A Christmas Carol
Reviewed by Leigh Kimmel
In the years since Charles Dickens first penned A Christmas Carol in 1834, it has become a timeless classic. Within months of its appearance, it was adapted for the stage. It was one of the first stories to be produced as a feature-lengh motion picture when Thomas Edison invented the motion-picture projector and made it possible for an entire crowd to watch a movie as though it were a stage play. Every generation re-creates the wonder of A Christmas Carol and reinterprets the story of the miser who has a change of heart.
In this reinterpretation of the classic tale, George C. Scott (Twelve Angry Men, Patton) breathes new life into the character of Scrooge, showing him not as a cardboard villain but as a man whose meanness grew out of lonliness and chronic rejection. Thus his regeneration through the ministry of the three ghosts (Christmas Past, Christmas Present, and Christmas Yet to Come) is less a total transformation than a rediscovery and re-nurturing of the wounded soul that had hidden itself under an armor of gold.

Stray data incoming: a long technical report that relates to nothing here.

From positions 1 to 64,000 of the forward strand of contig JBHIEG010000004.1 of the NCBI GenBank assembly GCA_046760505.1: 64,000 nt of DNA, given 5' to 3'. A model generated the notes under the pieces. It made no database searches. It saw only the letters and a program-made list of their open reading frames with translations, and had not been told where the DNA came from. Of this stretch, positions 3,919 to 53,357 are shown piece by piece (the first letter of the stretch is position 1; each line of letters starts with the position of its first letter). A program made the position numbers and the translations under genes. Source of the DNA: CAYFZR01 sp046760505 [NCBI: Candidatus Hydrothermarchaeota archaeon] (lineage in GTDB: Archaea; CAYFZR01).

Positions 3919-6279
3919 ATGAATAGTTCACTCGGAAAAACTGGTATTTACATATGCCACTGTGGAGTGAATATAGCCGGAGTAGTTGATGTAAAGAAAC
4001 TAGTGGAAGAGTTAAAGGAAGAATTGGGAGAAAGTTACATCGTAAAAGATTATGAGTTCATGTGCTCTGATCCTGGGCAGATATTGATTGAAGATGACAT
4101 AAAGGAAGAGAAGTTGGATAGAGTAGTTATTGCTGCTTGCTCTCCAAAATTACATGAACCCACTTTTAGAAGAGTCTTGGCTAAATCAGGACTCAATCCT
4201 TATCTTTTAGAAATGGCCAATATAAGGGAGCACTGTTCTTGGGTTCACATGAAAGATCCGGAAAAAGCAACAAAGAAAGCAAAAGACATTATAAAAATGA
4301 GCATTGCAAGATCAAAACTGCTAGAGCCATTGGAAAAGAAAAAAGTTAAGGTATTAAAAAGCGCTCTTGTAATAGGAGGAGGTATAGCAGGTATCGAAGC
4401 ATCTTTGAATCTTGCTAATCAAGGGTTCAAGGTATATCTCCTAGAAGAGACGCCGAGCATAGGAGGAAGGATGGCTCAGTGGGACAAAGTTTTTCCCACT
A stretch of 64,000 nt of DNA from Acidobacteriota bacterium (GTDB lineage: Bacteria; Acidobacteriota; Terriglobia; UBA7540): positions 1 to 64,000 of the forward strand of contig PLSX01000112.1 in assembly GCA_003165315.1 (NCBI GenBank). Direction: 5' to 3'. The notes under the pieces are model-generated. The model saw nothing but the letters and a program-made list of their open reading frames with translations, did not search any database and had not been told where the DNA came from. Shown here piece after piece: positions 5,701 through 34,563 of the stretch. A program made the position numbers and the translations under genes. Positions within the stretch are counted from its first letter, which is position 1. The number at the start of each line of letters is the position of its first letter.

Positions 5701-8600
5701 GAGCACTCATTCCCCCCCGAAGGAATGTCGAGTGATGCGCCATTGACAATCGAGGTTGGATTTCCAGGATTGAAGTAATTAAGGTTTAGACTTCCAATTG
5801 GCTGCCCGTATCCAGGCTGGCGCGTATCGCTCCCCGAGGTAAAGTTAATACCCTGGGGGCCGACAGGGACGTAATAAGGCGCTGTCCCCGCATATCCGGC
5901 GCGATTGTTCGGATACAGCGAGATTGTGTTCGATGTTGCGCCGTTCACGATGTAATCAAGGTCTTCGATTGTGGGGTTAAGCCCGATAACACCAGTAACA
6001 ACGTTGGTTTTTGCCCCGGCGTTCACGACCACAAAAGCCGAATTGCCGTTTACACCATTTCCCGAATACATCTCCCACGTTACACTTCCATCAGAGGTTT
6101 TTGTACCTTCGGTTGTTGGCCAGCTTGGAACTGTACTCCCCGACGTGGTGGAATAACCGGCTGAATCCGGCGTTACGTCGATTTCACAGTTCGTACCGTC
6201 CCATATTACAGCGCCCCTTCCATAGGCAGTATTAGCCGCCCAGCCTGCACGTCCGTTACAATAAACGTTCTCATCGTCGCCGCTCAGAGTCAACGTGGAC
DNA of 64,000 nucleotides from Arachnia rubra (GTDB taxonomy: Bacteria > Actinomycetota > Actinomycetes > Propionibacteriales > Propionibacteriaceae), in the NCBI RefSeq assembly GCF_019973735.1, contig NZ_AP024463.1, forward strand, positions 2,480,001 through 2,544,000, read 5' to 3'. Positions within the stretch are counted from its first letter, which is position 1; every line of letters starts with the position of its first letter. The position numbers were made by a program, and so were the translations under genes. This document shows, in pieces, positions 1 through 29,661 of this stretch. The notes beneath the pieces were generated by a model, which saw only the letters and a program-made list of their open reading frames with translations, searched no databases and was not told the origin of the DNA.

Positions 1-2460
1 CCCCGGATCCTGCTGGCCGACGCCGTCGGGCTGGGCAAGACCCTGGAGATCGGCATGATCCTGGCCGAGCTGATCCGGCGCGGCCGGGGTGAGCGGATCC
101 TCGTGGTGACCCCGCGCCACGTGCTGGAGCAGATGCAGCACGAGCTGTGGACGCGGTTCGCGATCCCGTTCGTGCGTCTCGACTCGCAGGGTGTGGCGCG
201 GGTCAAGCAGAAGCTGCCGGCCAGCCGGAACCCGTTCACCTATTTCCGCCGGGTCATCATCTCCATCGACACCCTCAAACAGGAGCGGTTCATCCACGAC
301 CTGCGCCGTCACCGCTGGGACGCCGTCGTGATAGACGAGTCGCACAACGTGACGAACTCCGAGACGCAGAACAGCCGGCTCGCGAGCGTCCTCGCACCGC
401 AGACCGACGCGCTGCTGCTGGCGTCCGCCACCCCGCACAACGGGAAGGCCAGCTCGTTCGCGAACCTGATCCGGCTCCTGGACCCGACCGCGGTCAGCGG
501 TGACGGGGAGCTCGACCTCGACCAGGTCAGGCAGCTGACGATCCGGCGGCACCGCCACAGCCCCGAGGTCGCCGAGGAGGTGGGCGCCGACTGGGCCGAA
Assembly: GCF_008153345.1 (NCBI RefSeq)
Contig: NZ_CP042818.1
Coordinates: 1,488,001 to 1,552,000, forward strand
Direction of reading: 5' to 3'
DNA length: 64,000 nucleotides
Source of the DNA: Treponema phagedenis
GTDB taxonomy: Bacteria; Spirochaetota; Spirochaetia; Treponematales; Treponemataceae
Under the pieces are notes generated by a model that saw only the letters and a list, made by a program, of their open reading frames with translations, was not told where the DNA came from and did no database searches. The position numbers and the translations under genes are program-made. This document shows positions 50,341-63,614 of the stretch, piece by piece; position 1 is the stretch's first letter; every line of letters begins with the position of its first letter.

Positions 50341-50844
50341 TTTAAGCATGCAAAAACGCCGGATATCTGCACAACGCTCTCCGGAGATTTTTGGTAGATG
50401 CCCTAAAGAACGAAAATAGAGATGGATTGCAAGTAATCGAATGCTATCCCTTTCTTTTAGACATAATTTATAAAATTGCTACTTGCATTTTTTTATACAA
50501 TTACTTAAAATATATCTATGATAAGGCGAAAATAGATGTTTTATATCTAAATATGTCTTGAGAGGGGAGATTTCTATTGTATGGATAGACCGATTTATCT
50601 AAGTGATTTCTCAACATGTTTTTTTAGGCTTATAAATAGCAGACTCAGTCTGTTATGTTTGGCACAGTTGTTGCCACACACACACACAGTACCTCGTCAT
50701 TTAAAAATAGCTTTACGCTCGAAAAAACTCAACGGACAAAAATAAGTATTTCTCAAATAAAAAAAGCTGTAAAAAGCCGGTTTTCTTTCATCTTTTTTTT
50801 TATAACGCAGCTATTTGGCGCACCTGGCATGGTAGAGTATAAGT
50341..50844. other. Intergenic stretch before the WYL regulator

Click here to buy A Christmas Carol in VHS format.
Alternatively, you may prefer a reinterpretation of the classic story in a modern setting. Scrooged stars Bill Murray as a ruthless TV executive who learns a lesson in the process of putting on a production of A Christmas Carol
Click here to buy Scrooged in VHS format.
And for the child in all of us, there is Dr. Seuss's animated reinterpretation of the classic story, How The Grinch Stole Christmas. An ancient and misanthropic hermit who seeks to spoil the festivities of the gentle Whos instead learns that Christmas does not depend upon material things, but rather upon the inward spirit of giving. Through their refusal to have their joy ruined, he instead grows and in the end joins in the very festivities he sought to ruin.
Click here to buy How The Grinch Stole Christmas in VHS format.
Click here to buy How The Grinch Stole Christmas in DVD format.
Review posted December 16, 1998
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